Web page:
Now, let’s assume, for the moment, that my friend has lucked out and is actually right to believe there’s an afterlife.  Even if that were true, nothing has really changed because his life at this point is in thrall to fear.   He believes in his afterlife because of fear.  The same fear will soon — if it has not already — invade his relationships with his sons.  It will, if unaddressed,  work it’s poisons into everything.  All of this can and has been seen in other cases.  There is no reason to believe my friend is so special he will escape the bullet.  And that’s why I believe he must manage his problem — not by trying to escape from fear via the notion of an afterlife — but instead by working on the root of the problem.

8 thoughts on “The Root of the Problem

  1. That was a very good and completely logical analysis but implied one opinion to be a fact. Fear.

    I have absolutely no fear of death whatsoever. I, in fact, plan to eventually completely die. I love my children whom I do not remember and remain alive as I am today hoping to watch my youngest son grow up. I realize he will grow up and will enjoy witnessing it unless it becomes unpleasant.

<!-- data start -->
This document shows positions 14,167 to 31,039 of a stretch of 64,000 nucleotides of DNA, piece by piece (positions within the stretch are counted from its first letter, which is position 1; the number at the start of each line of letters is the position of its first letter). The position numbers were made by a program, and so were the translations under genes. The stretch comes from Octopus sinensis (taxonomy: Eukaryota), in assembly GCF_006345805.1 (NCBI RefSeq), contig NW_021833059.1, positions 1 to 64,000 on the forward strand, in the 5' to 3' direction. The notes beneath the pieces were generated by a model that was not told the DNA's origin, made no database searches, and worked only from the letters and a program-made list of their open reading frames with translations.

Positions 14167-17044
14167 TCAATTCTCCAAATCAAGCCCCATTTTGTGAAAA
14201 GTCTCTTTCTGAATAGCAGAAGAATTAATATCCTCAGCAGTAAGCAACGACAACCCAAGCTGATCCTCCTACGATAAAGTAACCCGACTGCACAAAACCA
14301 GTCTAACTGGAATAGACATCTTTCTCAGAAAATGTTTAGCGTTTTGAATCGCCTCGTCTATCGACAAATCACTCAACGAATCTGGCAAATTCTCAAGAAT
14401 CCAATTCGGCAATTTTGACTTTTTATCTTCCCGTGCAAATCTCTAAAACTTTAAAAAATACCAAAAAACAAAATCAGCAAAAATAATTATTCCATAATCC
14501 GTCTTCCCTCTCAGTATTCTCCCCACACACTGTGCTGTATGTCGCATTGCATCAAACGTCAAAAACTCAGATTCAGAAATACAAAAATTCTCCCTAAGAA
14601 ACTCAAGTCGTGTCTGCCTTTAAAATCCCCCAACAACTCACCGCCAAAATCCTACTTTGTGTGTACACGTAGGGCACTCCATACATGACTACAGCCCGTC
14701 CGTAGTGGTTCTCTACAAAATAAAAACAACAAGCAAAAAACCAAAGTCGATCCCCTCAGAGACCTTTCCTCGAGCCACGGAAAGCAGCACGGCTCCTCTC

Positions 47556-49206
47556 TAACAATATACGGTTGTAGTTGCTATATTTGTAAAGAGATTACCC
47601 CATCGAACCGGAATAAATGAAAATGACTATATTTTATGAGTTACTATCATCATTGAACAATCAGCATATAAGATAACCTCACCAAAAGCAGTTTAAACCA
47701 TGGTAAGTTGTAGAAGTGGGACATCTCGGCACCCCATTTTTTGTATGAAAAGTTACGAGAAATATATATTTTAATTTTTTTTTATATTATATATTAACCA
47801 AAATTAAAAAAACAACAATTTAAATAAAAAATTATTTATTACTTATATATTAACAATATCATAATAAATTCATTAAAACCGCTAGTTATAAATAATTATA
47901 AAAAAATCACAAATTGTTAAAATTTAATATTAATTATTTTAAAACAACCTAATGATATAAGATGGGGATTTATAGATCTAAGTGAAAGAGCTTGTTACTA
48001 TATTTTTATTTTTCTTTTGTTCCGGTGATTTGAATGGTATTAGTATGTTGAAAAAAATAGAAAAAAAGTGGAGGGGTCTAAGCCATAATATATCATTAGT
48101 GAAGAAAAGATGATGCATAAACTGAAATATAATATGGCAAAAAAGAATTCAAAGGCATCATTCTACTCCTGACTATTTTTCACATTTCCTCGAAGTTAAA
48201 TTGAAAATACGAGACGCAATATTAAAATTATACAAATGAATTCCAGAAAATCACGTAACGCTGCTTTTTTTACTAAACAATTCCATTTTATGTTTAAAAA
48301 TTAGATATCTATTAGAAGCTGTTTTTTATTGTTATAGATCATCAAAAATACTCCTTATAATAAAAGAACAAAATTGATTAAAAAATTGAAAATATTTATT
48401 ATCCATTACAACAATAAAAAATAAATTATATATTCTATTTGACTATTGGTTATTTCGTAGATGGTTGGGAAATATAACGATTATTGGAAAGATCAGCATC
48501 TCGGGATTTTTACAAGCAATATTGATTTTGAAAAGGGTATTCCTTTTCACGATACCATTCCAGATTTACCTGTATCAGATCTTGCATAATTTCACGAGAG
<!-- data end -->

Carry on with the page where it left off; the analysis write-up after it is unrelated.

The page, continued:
I already ‘died’ once and will never describe the afterlife to anyone. I know afterlife is there and faith must remain the exclusive rational.

    Fear of ceasing to exist or fear of an eternal fiery pit may not be the reason you chose to believe. The fiery pit called hell causes many alleged Christians to believe and this belief is exactly as close to determining an afterlife destination as a non-theist gets to choosing.

    I dread dying completely but I do not fear it in any way. I believe you need to focus your significant ability to reason on the massive differences in fear and dread as well as their similarities when used as verbs.

    The open Internet will very likely cease to exist as you know it today by 2012 and perhaps even by Christmas. Good to see you posting while you “kick against the pricks” and every kick you post is an expression of your “fear” of death or perhaps simply your “dread” of dying.

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  2. Hi, Curtis! Thank you for your kind words. I think it’s worth noting, though, that you are discussing fear of death in general or at least as it might apply to you, whereas my post mentions fear of death as part of a process of attachment that a friend of mine is involved in. I’m not sure, but I don’t think it would help him if I were to philosophize to him about other people’s fears. But thank you for reading the post!